Debates about progressThere is debate about the extent to which the Renaissance improved on the culture of the Middle Ages. Both Michelet and Burckhardt were keen to describe the progress made in the Renaissance towards the modern age. Burckhardt likened the change to a veil being removed from man's eyes, allowing him to see clearly. On the other hand, many historians now point out that most of the negative social factors popularly associated with the medieval period—poverty, warfare, religious and political persecution, for example—seem to have worsened in this era, which saw the rise of Machiavelli, Machiavellian politics, the French Wars of Religion, Wars of Religion, the corrupt Borgia Popes, and the intensified witch hunts of the 16th century. Many people who lived during the Renaissance did not view it as the "golden age" imagined by certain 19th-century authors, but were concerned by these social maladies. Significantly, though, the artists, writers, and patrons involved in the cultural movements in question believed they were living in a new era that was a clean break from the Middle Ages. Some Historical materialism, Marxist historians prefer to describe the Renaissance in material terms, holding the view that the changes in art, literature, and philosophy were part of a general economic trend from feudalism towards capitalism, resulting in a bourgeois class with leisure time to devote to the arts. Johan Huizinga (1872–1945) acknowledged the existence of the Renaissance but questioned whether it was a positive change. In his book ''The Autumn of the Middle Ages'', he argued that the Renaissance was a period of decline from the High Middle Ages, destroying much that was important. The Latin, Latin language, for instance, had evolved greatly from the classical period and was still a living language used in the church and elsewhere. The Renaissance obsession with classical purity halted its further evolution and saw Latin revert to its classical form. Robert S. Lopez has contended that it was a period of deep economic recession. Meanwhile, George Sarton and Lynn Thorndike have both argued that Science, scientific progress was perhaps less original than has traditionally been supposed. Finally, Joan Kelly argued that the Renaissance led to greater gender dichotomy, lessening the agency women had had during the Middle Ages. Some historians have begun to consider the word ''Renaissance'' to be unnecessarily loaded, implying an unambiguously positive rebirth from the supposedly more primitive "Dark Ages (historiography), Dark Ages", the Middle Ages. Most historians now prefer to use the term "Early Modern Europe, early modern" for this period, a more neutral designation that highlights the period as a transitional one between the Middle Ages and the modern era. Others such as Roger Osborne have come to consider the Italian Renaissance as a repository of the myths and ideals of western history in general, and instead of rebirth of ancient ideas as a period of great innovation. The Art history, art historian Erwin Panofsky observed of this resistance to the concept of "Renaissance":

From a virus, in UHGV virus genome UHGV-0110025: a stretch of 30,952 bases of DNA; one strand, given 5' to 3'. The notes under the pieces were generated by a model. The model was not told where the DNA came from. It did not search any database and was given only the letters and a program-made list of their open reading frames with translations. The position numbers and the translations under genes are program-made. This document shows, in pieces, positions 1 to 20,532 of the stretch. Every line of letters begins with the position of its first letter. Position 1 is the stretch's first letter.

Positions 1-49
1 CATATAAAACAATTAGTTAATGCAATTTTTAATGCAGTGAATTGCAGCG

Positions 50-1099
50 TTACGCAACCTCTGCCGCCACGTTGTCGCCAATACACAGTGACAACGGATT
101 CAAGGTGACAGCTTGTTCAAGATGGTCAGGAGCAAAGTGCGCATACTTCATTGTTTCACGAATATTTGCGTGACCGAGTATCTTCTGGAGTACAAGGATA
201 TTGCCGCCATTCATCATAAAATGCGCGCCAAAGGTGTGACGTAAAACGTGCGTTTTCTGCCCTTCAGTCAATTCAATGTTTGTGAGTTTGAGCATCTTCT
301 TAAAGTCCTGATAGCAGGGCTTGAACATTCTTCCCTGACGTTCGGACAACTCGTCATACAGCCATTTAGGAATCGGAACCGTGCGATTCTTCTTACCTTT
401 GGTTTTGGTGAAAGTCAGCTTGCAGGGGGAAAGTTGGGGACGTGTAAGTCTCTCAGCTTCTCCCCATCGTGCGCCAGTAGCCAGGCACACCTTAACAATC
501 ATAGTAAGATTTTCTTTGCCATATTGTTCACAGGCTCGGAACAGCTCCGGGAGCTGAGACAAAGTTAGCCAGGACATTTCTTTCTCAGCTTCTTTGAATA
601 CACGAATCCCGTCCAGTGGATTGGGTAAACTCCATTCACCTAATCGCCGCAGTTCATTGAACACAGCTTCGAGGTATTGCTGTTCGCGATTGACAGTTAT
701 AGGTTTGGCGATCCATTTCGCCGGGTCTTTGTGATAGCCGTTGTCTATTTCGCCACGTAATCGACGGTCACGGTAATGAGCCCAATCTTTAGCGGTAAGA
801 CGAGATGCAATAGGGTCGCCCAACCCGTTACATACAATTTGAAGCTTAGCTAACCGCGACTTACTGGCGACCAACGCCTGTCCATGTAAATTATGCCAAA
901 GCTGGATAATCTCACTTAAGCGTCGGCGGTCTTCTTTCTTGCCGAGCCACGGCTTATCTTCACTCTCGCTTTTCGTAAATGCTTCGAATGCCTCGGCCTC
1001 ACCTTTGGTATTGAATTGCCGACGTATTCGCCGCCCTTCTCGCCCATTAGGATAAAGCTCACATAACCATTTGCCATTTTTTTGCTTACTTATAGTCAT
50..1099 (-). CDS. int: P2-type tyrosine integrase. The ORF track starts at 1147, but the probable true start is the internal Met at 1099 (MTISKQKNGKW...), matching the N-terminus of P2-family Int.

It is perhaps no accident that the factuality of the Italian Renaissance has been most vigorously questioned by those who are not obliged to take a professional interest in the aesthetic aspects of civilization – historians of economic and social developments, political and religious situations, and, most particularly, natural science – but only exceptionally by students of literature and hardly ever by historians of Art.